Today's Edition Local Missouri National World Opinion Obits Sports GoMidMo Events Classifieds Newsletters Contests Special Sections Jobs
ADVERTISEMENT
ADVERTISEMENT
story.lead_photo.caption David Limp, senior vice president of Devices and Services at Amazon, displays a new Echo, left, and an Echo Plus during an event announcing several new Amazon products by the company, Wednesday, Sept. 27, 2017, in Seattle. On Tuesday, June 8, 2021 Amazon launched a program that forces users of many Echo smart speakers and Ring security cameras to automatically share a small portion of their wireless bandwidth with neighbors. The only way to stop it is to turn it off yourself. (AP Photo/Elaine Thompson)

NEW YORK (AP) — Do you own an Amazon smart device? If so, odds are good that the company is already sharing your internet connection with your neighbors unless you’ve specifically told it not to.

On Tuesday, the company launched a program that forces users of many Echo smart speakers and Ring security cameras to automatically share a small portion of their home wireless bandwidth with neighbors. The only way to stop it is to turn it off yourself.

Amazon said the program, called Amazon Sidewalk, is a way to make sure lights, smart locks and other gadgets outside the home and out of reach of a Wi-Fi connection stay working.

But some experts warn the technology is so new that privacy and security risks remain unclear. And almost no one seems happy that Amazon forced consumers into Amazon Sidewalk — or that many people may not know they can opt out of it.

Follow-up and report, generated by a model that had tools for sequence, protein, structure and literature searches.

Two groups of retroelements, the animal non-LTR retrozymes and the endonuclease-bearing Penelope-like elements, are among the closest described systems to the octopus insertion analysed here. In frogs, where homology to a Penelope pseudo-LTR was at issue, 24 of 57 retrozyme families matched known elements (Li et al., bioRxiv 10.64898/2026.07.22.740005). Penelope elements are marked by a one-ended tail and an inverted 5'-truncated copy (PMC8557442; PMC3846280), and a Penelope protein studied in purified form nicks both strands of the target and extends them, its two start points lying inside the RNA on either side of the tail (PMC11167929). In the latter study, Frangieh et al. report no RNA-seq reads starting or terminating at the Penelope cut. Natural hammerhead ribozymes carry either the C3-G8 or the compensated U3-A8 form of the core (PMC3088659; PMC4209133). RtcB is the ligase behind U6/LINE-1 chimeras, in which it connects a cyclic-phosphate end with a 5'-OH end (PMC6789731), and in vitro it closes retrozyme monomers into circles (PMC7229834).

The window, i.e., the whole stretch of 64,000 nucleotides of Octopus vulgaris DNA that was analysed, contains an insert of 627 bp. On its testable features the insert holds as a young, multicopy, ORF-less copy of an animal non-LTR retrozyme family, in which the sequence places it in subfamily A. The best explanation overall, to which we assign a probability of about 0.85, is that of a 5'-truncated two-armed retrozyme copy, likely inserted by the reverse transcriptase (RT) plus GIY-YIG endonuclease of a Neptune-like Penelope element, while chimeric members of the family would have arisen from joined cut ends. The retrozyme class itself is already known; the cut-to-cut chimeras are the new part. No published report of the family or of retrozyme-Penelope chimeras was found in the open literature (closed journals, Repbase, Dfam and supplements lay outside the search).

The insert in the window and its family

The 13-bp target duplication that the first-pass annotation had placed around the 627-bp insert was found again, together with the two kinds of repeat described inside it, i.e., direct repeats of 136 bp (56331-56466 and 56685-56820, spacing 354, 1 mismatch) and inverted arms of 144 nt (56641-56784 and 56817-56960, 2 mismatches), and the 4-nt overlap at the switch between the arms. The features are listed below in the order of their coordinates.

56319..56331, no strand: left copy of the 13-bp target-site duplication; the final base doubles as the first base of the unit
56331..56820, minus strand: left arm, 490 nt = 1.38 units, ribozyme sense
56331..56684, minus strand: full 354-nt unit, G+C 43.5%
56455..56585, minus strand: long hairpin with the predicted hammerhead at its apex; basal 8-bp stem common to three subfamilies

DID AMAZON TELL CUSTOMERS THIS WAS HAPPENING?

Amazon said it sent emails to customers last month and in November that Sidewalk was coming. The company said you’ll also get a notification when you set up gadgets that work with Sidewalk.

HOW CAN I STOP THIS?

Once you know about it, it’s relatively straightforward, if not exactly simple, to opt out of Sidewalk. Echo users can go into the Alexa app, tap “More” in the lower right hand corner, then tap “Settings,” then “Account Settings,” where they’ll find a section for Amazon Sidewalk and a button to disable it. In the Ring app, go to “Control Center” and then tap “Sidewalk.”

WHY IS AMAZON DOING THIS?

The idea behind Sidewalk is to integrate residential wireless connections into a “mesh network” that can extend coverage to areas home Wi-Fi can’t reach. Amazon’s Echo and Ring devices band together to create a this network by grabbing a slice of bandwidth from each cooperative home network. That can extend the range of devices designed to work with Sidewalk so they’ll stay connected even when away from your home network.

One example of such a device is Tile, a tracking device that can be placed on keys or a dog’s collar. If your dog goes missing in a neighborhood where Sidewalk is working, it might turn up quickly via Tile.

COMMENTS - It looks like you're using Internet Explorer, which isn't compatible with our commenting system. You can join the discussion by using another browser, like Firefox or Google Chrome.
It looks like you're using Microsoft Edge. Our commenting system is more compatible with Firefox and Google Chrome.
ADVERTISEMENT
ADVERTISEMENT